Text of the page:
A few weeks ago I visited an elementary school in northern Washington State.
The school held a food drive and collected 1600 food items before my visit.
I spoke to three assemblies and then led two writers’ workshops. At the beginning of 5th grade workshop, I asked the kids they had questions about Maddi’s Fridge that didn’t get answered at the assembly.One girl shot her hand up straight in the air. “Why don’t you do a second book, this time tell Maddi’s story.” What she meant was, tell Maddi’s Fridge from Maddi’s point of view.
I answered her by suggesting the class read Crenshaw by Katherine Applegate, a middle grade novel told from the point of view of a boy who has an empty refrigerator.
I went on to the next question. The girl’s hand went straight up back in the air. After answering a few questions I called on her again.
“What I’m asking is, why don’t you write Maddi’s story?”
The reason I love school visits, the reason I love to teach, is that I am given so much more than I bring when I walk into a school. I am given the gift of looking at the world in new and thoughtful ways.
The girl was asking me why Maddi didn’t have a direct voice in her story.
At this point I need to back up and let you know that the school I visited, the school that brought in 1600 food items for their local food bank, has a school-wide Title 1 program. In this school 29% of the kids come from families that earn less than $24,000 a year for a family of 4. An additional 11% of the kids are in families that earned less than $44,000 a year for a family of 4. (If you wonder how such a student body could bring in so many food items, read my blog post “What if the Poor Aren’t Stupid.”)
Many children in that school were already familiar with a grim statistic. Over half of American children are raised in families living below the poverty level. Some of the kids I was speaking with were living with empty refrigerators and empty cupboards.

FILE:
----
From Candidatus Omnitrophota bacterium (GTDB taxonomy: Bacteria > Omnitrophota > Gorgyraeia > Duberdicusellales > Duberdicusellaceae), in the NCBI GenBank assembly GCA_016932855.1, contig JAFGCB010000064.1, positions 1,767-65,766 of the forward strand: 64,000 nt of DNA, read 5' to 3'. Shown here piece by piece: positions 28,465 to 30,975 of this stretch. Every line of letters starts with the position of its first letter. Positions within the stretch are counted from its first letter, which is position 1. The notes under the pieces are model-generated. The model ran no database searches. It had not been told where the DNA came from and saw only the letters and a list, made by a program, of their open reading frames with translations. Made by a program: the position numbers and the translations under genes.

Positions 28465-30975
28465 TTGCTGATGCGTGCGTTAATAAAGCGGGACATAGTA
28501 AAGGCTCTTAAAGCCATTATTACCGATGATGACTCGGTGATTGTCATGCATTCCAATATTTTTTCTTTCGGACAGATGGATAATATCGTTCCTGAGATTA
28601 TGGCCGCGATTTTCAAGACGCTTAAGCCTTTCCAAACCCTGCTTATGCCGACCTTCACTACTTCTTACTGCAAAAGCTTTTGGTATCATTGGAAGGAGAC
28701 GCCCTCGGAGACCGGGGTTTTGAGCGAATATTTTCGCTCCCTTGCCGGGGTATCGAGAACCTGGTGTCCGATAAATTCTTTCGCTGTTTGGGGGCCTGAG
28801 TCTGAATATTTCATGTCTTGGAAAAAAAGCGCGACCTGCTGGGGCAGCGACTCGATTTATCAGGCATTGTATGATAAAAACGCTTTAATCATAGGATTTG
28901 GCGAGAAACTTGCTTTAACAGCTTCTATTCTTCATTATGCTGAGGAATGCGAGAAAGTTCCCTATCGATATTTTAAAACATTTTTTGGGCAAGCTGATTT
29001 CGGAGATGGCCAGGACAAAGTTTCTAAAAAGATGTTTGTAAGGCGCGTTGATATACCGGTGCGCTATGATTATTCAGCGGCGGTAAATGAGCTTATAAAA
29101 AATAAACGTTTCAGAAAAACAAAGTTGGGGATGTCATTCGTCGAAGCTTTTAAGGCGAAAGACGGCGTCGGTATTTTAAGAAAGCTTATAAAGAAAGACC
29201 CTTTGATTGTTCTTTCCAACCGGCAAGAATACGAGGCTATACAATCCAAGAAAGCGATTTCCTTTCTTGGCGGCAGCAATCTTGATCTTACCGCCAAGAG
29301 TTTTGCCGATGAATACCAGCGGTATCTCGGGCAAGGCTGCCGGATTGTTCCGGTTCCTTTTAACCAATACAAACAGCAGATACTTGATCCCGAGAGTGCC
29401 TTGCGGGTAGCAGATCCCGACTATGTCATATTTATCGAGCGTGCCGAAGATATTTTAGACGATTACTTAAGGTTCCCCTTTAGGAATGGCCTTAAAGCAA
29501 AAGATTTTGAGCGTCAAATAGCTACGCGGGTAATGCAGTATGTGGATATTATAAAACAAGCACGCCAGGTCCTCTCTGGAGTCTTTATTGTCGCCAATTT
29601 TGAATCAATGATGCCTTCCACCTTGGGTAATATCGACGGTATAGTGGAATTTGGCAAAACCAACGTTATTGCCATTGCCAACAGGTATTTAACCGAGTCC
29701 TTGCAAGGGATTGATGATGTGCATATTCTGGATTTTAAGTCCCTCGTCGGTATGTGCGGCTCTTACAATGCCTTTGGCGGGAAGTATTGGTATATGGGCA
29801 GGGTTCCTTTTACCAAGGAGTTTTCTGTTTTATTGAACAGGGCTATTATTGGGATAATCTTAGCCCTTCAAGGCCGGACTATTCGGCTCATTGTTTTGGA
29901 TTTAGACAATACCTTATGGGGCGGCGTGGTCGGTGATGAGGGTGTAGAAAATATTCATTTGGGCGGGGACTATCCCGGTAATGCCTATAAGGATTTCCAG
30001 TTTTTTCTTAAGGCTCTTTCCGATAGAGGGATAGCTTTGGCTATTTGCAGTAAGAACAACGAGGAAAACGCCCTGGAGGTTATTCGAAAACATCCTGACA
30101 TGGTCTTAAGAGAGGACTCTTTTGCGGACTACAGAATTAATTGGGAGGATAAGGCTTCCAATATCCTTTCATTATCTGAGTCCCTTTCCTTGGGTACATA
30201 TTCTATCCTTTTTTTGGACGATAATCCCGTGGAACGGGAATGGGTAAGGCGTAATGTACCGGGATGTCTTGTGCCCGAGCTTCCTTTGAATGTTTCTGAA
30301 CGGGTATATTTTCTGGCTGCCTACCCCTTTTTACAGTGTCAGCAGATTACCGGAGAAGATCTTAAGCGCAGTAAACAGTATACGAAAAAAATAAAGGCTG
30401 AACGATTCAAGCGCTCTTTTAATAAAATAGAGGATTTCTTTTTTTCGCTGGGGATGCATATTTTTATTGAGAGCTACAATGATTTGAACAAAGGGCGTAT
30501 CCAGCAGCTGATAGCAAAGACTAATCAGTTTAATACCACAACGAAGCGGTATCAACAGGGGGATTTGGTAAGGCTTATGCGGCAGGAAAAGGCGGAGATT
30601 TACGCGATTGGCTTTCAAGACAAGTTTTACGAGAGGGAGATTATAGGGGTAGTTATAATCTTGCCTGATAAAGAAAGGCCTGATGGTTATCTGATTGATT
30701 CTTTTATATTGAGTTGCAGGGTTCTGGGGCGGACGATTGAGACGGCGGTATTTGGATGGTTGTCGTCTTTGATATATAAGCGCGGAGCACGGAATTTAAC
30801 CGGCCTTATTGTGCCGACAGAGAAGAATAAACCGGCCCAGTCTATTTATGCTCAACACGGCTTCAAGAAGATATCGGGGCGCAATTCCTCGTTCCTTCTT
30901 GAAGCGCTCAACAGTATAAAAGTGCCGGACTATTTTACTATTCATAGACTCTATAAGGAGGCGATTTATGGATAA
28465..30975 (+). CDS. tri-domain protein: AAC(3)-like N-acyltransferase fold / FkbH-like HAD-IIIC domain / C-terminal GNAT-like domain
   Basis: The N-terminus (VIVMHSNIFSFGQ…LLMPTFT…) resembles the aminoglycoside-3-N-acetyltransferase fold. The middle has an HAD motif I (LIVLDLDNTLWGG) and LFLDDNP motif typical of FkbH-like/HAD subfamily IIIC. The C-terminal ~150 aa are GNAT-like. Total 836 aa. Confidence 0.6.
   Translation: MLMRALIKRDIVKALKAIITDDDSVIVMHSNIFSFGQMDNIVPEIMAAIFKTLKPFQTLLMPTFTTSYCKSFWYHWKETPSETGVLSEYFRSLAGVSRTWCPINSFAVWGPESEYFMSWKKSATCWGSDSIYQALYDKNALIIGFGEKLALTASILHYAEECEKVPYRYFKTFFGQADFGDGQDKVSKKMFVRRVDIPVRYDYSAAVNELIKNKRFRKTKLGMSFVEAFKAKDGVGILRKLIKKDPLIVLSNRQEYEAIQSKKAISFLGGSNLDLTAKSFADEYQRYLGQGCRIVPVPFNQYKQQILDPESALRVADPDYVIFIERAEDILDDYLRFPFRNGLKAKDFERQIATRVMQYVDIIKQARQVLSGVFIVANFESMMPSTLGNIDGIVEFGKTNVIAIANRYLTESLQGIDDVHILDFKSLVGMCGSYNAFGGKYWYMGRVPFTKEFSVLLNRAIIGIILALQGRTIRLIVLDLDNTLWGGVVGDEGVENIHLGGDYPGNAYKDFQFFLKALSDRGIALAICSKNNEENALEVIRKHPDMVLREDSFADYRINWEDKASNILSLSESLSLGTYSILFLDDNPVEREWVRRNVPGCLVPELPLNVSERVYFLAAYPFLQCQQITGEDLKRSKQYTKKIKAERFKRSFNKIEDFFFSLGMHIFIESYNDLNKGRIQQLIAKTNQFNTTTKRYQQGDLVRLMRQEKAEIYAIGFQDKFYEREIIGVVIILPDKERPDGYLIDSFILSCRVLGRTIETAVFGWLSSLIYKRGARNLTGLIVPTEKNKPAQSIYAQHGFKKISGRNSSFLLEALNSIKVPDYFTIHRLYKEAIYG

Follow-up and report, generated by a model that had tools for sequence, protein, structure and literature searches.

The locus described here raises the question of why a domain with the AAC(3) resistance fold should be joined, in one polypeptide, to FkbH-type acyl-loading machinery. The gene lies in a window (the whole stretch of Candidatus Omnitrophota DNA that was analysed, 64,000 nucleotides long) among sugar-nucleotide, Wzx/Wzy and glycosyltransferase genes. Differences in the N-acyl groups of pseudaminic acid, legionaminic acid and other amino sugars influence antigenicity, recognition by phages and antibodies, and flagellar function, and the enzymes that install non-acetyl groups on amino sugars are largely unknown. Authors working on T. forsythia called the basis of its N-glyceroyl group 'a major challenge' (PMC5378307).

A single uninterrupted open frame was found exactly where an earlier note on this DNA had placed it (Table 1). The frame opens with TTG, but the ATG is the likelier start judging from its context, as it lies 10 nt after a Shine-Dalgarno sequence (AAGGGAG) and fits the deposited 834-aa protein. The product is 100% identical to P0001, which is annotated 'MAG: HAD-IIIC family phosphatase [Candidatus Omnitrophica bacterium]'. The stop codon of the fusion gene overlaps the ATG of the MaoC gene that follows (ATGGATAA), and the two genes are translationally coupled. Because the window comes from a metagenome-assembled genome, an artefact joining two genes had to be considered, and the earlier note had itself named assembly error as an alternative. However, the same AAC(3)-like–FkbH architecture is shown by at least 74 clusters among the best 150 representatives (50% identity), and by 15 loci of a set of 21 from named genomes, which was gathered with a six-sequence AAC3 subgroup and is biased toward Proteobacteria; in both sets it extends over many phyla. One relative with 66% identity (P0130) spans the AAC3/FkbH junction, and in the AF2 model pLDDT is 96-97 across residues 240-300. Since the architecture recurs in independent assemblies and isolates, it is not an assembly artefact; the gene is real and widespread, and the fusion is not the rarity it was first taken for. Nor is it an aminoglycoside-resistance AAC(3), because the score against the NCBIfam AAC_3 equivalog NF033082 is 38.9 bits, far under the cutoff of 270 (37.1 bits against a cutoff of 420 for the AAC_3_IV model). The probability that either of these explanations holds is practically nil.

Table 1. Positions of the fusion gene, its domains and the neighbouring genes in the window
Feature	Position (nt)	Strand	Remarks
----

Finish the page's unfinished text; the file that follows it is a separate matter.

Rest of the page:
Why didn’t I write Maddi’s story from her point of view? Why was Maddi’s story told by Sofia, a girl who had plenty of food in her refrigerator?
The simple answer is that I wrote a story based on my own experiences. I was an observer of a horrific event, the indifference our prosperous county pays to the hungry children in our midst. My childhood anguish when I found out that my best friend’s family had no food was still paramount in my mind as I wrote Maddi’s Fridge years later. I wrote from my point of view.
But what about Maddi?
There has been a lot of discussion in the KidLit community about diversity in children’s books. Maddi’s Fridge has been mentioned frequently as a diverse book because it has a character living in poverty. (Remember, that’s now 51% of our children.)
But Sofia tells the story. Is that right?
What a difficult and complex question.
Maddi’s Fridge is my first book and I wanted to, was driven to, tell that story through my own eyes.
However, one story is not enough. There are 12.5 MILLION stories of childhood hunger happening right now in the United States. Why aren’t these stories showing up in the books we read. Not just books about hunger, but mysteries, sci fi, romance, adventure, fantasy, etc. Why are some groups so hidden from our collective consciousness? Why are so many children underrepresented in the books we read? Not only as characters, but also as viewpoint characters?
That fifth grade girl was telling me that she wasn’t in Maddi’s Fridge. Yes, she felt a connection with the book, but what about the Maddis of the world? Don’t they have the right to tell their own stories?
I am very proud of Maddi’s Fridge. It pushed into an area that was rarely explored by picture books and has touched the hearts of thousands of children and adults.
But that young girl’s question was a reminder to me, a reminder to all of us who write stories, to pay attention to the stories we tell. Who have we hidden? What voices have we unwittingly silenced?